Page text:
Host, Dave Schwensen, and his friends Kelly, Tom, and Logan have chosen some of their favorite comedians from the 1950s, ‘60s, and ‘70s. They take a look at how these comedians got started, their most successful comedy albums, and their lasting influence today!
Redd Foxx is most known for his role on Sanford and Son, but his career dates back all the way to the ’40s. When he was 17 he was a member of the trio “The Bon Bons,” for a while he wanted to be a singer and even released 5 singles, and he was friends with Malcolm X. Most of Redd’s comedy career consisted of blue party albums, but there is so much more to his lengthy career. Listen in to find out all there is to know about Redd Foxx…..including why there are 2 Ds and 2 Xs!
Listen to the album we're talking about, the album that started it all Laff of The Party Volume 1 (click HERE)
Dave Schwensen: Hi, welcome back to What's So Funny! I'm Dave Schwensen. And today I'm joined by two of my favorite co-hosts, Logan Rishaw and Kelly Thewlis. How are you guys?
Kelly Thewlis: Hey.
Logan Rishaw: Great, it's good to be back on the show, Dave.
Kelly Thewlis: Yeah.
Dave Schwensen: Yeah, it's good to have you here. I haven't seen you in a while Logan, what's going on?
Logan Rishaw: Ah you know, not much. Just postponing festivals left and right. In the meantime-
Dave Schwensen: That's always a joy isn't it?
Logan Rishaw: Yeah, but in the meantime I put together a small book of short stories. It's called Albert Catmus, C-A-T-M-U-S. And it's just a bunch of funny stories and essays that you can find on Amazon.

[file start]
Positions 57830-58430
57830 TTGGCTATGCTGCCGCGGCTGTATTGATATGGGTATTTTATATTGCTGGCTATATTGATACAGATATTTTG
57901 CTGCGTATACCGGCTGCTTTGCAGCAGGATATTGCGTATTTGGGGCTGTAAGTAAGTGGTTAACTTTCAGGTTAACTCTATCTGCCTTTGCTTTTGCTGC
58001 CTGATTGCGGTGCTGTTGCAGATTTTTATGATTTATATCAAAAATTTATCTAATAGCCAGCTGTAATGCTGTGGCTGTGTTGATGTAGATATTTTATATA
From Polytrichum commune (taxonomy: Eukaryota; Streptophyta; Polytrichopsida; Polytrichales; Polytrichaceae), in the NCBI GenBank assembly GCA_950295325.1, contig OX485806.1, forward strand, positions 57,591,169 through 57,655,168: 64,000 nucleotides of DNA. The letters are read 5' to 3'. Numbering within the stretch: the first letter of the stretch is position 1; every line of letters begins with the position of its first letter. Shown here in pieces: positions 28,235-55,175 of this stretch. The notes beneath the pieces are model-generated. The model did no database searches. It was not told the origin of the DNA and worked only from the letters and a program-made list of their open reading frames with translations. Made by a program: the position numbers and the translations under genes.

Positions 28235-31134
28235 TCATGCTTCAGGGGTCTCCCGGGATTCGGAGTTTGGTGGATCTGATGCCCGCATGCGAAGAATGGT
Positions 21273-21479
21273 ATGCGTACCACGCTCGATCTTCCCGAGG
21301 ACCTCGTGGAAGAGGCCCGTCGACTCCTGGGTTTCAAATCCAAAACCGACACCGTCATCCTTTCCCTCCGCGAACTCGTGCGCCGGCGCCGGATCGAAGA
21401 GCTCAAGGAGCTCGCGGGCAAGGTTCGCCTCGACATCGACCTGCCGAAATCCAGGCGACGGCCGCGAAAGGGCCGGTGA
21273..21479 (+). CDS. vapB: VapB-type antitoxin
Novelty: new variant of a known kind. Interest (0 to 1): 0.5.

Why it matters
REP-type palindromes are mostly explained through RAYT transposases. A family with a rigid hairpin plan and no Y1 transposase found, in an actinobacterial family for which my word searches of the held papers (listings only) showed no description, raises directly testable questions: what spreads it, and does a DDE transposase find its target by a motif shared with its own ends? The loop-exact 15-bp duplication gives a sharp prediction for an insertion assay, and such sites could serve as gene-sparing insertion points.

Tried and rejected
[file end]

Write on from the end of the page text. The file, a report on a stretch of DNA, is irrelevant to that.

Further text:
Dave Schwensen: Really?
Logan Rishaw: Little shameless plug there.
Dave Schwensen: Kelly, what's going on with you?
Kelly Thewlis: Hey, hey, it's going to be here.
Dave Schwensen: Well first of all, I just want to bring up, in case someone hasn't listened to us in a while, we have changed our format a little bit from what you remember from last season of What's So Funny! Instead of playing comedy albums, what we do now is we pick out a classic comedian from whenever, the '50s, '60s, '70s, and we talk about that comedian and their life and their work and their comedy and their influences.
Kelly Thewlis: Yeah and we focus in on some of their more popular albums and sort of how that-
Dave Schwensen: Notoriety.
Kelly Thewlis: Yeah, yeah.
Dave Schwensen: The scandals. We'll talk about whatever. And we've got a good one to kick us off today, is ready for this? Okay. Family listeners, are you ready for this? Redd Foxx.
Kelly Thewlis: Oh yeah, talk about an innovator.
Logan Rishaw: I am so excited about this one.
Kelly Thewlis: Yeah.
Logan Rishaw: I like Redd Foxx. I've always liked his comedy. And then I was like, "You know what? I'm going to pick up a biography, find out what his early life was like," and I could not put it down. He is one of the most fascinating people that we've probably talked about. And I think I say that about everyone we talk about, but I really mean it for Redd Foxx.
Dave Schwensen: He's got quite a story.
Kelly Thewlis: Yeah. I also. I knew nothing about his background or his personal life. I just knew him from Sanford and Son and a couple of his albums. And yeah, it's just incredibly interesting.
Dave Schwensen: Well I want to say, I think most of the listeners will know him from Sanford and Son. Before that he was a standup comedian, a little bit obscure back in the '50s and '60s, getting more and more popular. But when he hit that TV sitcom Sanford and Son. And when was that? That was like the early '70s?
Logan Rishaw: Yeah. Early '70s.
Dave Schwensen: That came out and that was a massive hit. So all of a sudden he was a household name. And before that the name Redd Foxx meant you put the comedy material in a brown envelope and hid it somewhere so nobody knew you had his albums.
Logan Rishaw: It's crazy that he broke through mainstream through Sanford and Son, but he had this entire adult oriented comedy career beforehand.